Tantric influences were of particular importance for the survival of the Yogini cults in Odisha. The Yogini cults concentrated on worship of the Shakti (female life force), with a belief in the efficacy of magic ritual. In ancient texts, Yoginis are depicted as consorts of Yogis, and like their male companions practiced yoga to gain mastery over science and acquire magical powers.
Out of four distinguished Yogine Shrines in India, two are in Odisha—one at Hirapur near Bhubaneswar and the other at Ranipur-Jharial near Titilagarh in the district of Balangir.
While the literature of the court and the intelligentsia was primarily written in Sanskrit, and included a variety of commentaries and theoretical treatises on religion, politics, art and literature as well as reworks of the epics, popular literature in Odisha initially focused on folk tales, ballads, creation myths, devotional songs, love poetry. It was in the 15th century that Sarala Das wrote a popular Odisha version of the Mahabharata. Sarala Das arose from a peasant family and took his name from the goddess Sarala who was worshipped in his village in the district of Jagatsinghpur. He described himself as an unschooled 'Shudra' and became popularly known as Shudra-muni. Although the broad themes of his Mahabharata match other traditional versions, there is much that was original and written with a popular sensibility. His version knitted in local folk tales and ballads, and incorporated the ethical and moral values then embraced by the artisan class and peasantry.
Thus what emerged in Odisha from the 9th century on was a heady cocktail of mystical and practical currents that allowed for a certain degree of social mobility and provided space for ordinary peasants to make contributions to popular literature and poetry.
This stimulated the popularity of reading and since there were no taboos against learning Odia, literacy spread in the villages and such popular literature developed a wide mass following. A network of village libraries housed popular texts in neatly transcribed versions. Illuminated manuscripts and illustrated epics also became popular.
A unique paradise of art and culture
Odisha has a long tradition of art and architecture. The early monuments date back to the third century B.C. The remnant of an Ashokan pillar, turned into a Siva Lingam and enshrined in the Bhaskaresvara temple at Bhubaneswar and the lion capital of an Ashokan pillar, presently in the State Museum, speak volumes of Odisha's past glory. The rock-cut caves of Khandagiri and Udaygiri and the inscriptions recording Emperor Kharavela's short but eventful reign during the first century B.C. constitute the second phase of the evolution in Odishan art. The Naga and Yaksha images found in places around Bhubaneswar belong to the post-Kharavela period.The fortifed site of Sisupalgarh near Bhubaneswar is yet another evidence of the bye gone era.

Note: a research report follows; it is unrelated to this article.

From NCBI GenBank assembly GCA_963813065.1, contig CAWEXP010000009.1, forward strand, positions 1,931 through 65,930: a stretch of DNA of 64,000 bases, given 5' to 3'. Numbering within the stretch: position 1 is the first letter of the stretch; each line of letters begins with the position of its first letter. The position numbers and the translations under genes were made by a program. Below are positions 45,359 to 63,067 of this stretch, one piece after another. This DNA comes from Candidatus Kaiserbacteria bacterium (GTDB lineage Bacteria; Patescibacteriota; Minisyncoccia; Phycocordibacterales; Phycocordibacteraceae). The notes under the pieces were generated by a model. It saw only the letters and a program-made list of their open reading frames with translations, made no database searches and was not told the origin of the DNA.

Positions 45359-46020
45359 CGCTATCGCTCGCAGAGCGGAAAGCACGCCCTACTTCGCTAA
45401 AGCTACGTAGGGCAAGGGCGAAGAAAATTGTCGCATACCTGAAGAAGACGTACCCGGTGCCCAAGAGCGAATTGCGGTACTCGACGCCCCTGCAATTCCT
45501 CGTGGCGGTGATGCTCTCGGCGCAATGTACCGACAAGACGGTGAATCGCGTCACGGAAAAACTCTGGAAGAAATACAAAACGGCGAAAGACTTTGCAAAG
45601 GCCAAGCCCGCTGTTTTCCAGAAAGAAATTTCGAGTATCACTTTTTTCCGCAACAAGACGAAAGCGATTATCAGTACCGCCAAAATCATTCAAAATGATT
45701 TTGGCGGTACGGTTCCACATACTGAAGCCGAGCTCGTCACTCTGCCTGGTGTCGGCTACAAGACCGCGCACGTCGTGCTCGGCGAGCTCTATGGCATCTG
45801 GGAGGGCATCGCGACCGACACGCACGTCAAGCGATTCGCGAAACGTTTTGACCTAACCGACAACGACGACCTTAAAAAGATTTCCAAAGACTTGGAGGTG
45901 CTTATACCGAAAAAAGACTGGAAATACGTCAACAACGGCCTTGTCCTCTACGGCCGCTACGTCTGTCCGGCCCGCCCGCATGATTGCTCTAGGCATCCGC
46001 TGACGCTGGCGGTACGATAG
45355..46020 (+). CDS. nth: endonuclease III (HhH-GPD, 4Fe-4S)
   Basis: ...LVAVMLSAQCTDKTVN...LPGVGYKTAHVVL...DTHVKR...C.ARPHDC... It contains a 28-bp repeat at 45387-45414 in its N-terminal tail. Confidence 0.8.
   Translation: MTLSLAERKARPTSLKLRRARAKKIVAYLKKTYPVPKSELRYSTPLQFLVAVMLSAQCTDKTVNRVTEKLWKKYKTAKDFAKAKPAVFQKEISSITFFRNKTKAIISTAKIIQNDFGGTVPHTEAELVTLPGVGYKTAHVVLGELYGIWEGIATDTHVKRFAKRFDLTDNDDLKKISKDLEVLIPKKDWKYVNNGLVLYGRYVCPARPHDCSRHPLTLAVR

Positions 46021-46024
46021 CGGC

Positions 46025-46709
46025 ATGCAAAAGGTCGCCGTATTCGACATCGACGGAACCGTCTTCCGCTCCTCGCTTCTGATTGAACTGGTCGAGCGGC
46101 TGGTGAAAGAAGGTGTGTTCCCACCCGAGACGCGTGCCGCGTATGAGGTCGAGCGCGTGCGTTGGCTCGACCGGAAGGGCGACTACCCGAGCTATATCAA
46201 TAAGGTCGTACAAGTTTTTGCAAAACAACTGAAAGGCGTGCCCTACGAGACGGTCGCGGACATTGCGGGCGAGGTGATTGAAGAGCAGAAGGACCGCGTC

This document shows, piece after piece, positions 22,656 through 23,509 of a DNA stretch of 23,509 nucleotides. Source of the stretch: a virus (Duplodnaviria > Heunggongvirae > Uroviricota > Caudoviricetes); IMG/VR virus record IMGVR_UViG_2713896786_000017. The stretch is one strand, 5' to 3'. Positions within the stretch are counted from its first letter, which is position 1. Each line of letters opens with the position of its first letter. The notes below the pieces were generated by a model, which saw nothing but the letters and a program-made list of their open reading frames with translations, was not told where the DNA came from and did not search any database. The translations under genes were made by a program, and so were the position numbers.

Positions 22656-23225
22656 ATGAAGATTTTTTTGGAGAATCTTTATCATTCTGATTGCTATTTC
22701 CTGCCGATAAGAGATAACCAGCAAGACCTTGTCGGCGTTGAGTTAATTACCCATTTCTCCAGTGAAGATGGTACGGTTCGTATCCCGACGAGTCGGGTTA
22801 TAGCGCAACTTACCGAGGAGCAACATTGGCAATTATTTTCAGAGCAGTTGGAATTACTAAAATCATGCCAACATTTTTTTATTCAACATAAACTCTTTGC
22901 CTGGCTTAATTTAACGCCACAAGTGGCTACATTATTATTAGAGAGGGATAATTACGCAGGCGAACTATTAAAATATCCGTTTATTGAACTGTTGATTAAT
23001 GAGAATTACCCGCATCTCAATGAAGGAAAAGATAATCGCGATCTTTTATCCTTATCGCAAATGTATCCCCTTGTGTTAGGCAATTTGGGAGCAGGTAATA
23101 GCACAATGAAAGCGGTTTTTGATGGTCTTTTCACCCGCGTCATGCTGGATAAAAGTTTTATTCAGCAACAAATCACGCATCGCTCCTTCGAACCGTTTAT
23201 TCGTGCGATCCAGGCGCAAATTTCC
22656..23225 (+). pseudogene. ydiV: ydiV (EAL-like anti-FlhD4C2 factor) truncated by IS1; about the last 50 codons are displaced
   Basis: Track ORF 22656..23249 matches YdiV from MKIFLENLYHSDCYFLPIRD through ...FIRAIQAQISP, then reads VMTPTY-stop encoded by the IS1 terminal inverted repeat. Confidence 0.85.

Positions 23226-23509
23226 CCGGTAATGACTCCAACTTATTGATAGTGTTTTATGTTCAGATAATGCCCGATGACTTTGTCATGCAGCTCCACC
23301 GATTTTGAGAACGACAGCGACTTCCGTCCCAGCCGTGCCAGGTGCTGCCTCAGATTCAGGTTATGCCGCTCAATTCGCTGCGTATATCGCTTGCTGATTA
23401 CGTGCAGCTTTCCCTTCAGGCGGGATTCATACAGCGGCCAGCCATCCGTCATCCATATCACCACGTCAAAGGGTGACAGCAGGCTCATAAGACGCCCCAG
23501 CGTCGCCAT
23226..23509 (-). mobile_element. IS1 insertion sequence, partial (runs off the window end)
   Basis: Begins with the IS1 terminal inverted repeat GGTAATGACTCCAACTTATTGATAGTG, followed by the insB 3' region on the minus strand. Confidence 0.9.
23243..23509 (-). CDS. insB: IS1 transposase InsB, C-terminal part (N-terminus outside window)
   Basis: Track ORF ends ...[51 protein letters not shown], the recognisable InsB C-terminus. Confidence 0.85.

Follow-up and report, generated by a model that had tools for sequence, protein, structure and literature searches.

Flowing through the veins of Odisha is the thriving and pulsating culture of India. Its multi-faceted expressions and its myriad variety are more than evident in this land. The stone sculptures found here eloquently narrate the historical legacy of the nation. Odisha's temple-culture is a magnificent reflection of the grand temple architectural essence of India. Be it the sanctified environs of the Lord Jagannath temple at Puri, or the mystic eroticism of the Sun temple of Konark, or the deep caves, or the Buddhist monasteries, the vibrant folk paintings or the weaver's handspun magic, Odisha sings with pride a ballad resonant with the richness of a living past and the dynamism of a flourishing present. A visit to the vibrant state equipped with a modern airport and luxury hotels is sure to convince any tourist that Odisha has much to offer in the form of an unmatched blend of the traditional and the contemporary.
History took a U-turn here after the Kalinga war in 261 B.C. when the Maurya Emperor Ashoka renounced war, embraced Buddhism and spread the message of peace and non-violence. The image of the forepart of an elephant at Dhauligiri is the earliest rock-cut sculpture. The remains at Ratnagiri-Lalitgiri-Udayagiri and Langudi are a treasure house of Odisha’s Buddhist Heritage. The illustrious emperor Kharavela who came to power around 1st century B.C. championed the cause of Jainism. The sophisticated art and architectural style of the Jain monastic caves at Khandagiri-Udayagiri and elsewhere like Subai in Koraput are a story unto themselves.
Above all, Odisha is known for its innumerable temples. It is probably the only state where you can study the chronological development of temple architecture from the earliest specimens of 6th century A.D. to the 13th century A.D. in the eastern part of Odisha.
A visit to the temples at Bhubaneswar alone will take you on a walk through five centuries of the golden age of Hindu Temple building (8th–12th century A.D.) and you will see the architectural style developing, expanding and refining before your eyes.
In the western part, temples of a different style continued to be built between 14th and 19th century A.D.